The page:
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Old 28th December 2023, 03:45 PM   #1
Join Date: Dec 2022
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Default Weapons of the Lake Van Highlands

This is a presentation/discussion on my research about a specific region of Eastern Turkey and its weapons. There are some gaps in the resources I have, as my main area of knowledge is Caucasian weaponry rather than Ottoman/Kurdish. I will note whenever these gaps come up, and if anyone more specialized in these areas can contribute I would greatly appreciate it!
I will largely be relying on period photographs and information contained in the book, "The Ethnography of Sasun" by Vardan Petoyan, as these are the main sources that remain accessible to me. From my attempts to find any, sources in Turkish or Kurdish seem very limited.

Context: The Lake Van Highlands are a series of historical districts located to the south of Lake Van in Turkey, namely the districts of Sasun, Shatakh, and Moks. They all shared quite a similar culture, which is why I will be grouping them. Assyrian Hakkari and parts of northern Iraq to the south also shared many similar customs. These three regions were primarily inhabited by ethnic Armenians since ancient times, although after the Ottoman invasions various Kurdish tribes made their way in and made up a substantial amount of the population. These highland districts were all extremely isolated, for example, Sasun (the main one I will be focusing on) was so isolated that its roads were completely blocked off for the whole winter and residents had to rely on makeshift skis and snow glare googles to get around. Even in the summer, travel to the nearby Mush Plain was still very limited. This factor allowed the native population (Both Armenians and Kurds) to live in virtual independence of Ottoman control, where customary law took precedence over state law. Notably, this was one of the very few areas in the Ottoman Empire where Armenians heavily bore arms, traditionally forbidden for Christian minorities under Ottoman rule. Traditionally, the native Armenians of this region had organized themselves under elected princes, who still ruled over some remote villages up until the 20th century. Save for these few exceptions, by the end of the 19th century, most Armenian villages had been subordinated to Kurdish Aghas and Beys of various tribes. With that said, the Armenians still kept the right to bear arms and heavily participated in the frequent armed conflicts between rival regional Kurdish tribes.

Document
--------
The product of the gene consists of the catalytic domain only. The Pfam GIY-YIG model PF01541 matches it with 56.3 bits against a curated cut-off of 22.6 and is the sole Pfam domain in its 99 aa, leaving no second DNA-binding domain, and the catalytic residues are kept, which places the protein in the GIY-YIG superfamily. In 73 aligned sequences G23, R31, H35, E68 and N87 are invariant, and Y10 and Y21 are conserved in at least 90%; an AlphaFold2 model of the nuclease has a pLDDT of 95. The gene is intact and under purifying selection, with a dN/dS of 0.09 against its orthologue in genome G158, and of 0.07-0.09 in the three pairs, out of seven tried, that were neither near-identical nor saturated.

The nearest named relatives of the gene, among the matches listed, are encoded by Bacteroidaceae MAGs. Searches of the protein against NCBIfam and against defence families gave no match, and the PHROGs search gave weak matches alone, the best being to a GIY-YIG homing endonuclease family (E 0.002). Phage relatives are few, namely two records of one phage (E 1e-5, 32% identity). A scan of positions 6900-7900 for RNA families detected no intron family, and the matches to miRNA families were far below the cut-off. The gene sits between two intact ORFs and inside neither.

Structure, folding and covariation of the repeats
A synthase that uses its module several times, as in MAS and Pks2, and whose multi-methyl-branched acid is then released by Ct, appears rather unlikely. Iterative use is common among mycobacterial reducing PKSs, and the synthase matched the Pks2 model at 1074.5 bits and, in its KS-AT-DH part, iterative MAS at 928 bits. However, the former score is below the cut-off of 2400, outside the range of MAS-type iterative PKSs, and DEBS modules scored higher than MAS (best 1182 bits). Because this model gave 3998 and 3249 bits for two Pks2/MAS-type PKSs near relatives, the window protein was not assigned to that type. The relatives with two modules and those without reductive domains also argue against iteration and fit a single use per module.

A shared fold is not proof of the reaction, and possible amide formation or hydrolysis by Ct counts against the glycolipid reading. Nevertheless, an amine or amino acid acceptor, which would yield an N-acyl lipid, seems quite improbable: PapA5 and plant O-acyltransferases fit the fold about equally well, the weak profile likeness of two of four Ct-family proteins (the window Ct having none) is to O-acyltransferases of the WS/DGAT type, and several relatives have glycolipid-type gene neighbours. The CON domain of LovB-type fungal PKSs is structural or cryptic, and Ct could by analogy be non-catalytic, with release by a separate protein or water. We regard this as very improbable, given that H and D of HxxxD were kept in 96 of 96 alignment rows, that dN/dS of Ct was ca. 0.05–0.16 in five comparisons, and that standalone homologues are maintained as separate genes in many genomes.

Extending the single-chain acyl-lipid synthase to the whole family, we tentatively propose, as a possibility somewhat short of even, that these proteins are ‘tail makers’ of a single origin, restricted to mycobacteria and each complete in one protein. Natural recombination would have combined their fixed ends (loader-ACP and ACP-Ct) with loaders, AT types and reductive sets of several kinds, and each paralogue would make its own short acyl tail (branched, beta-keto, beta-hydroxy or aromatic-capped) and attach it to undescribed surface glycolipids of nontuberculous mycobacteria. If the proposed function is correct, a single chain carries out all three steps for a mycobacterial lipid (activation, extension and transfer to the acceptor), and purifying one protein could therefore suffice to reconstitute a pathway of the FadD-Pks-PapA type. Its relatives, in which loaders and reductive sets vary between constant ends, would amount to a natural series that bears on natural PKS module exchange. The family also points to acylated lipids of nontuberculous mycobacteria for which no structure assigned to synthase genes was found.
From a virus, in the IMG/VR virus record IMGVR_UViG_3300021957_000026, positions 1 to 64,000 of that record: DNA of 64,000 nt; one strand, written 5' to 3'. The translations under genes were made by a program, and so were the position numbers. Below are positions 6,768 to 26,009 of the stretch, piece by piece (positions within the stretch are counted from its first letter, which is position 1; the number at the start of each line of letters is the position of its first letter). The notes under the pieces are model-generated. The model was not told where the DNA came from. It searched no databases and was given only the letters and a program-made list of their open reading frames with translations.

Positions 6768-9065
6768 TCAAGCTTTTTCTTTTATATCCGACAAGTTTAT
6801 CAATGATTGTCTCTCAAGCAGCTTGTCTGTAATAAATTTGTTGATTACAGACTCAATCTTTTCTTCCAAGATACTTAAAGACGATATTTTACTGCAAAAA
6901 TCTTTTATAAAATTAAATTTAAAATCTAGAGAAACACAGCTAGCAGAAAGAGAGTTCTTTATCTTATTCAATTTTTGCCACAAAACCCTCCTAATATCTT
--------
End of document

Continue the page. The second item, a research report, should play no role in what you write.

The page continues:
Even before the entrance of the Kurds, the local Armenians, perceived since ancient times by other Armenians as fierce and courageous warriors, had long upheld a military tradition to preserve their semi-independent status. Customary law mandated that anyone who ratted out an Armenian to the Turks or compromised their status be hunted down and killed, among other customs such as honor killing of family members and a 1-level system of blood revenge. Throughout the centuries the Armenians upheld armed units of footmen and cavalry, who were able to successfully fend off many Turkish assaults in the 1894 Sasun rebellion before succumbing due to their inferior numbers and antiquated weaponry. Sword and buckler duels were frequently held between these warriors at pilgrimage sites on the foothills of Sasun's mountains, with the fight representing a folk tale about a fight between Sasun's two highest peaks. The hunting of big and dangerous game, particularly with Axes, was considered another way to show one's bravery. For their part, the rival Kurdish tribes would frequently clash with each other, in conflicts that would commonly involve help from the Armenians.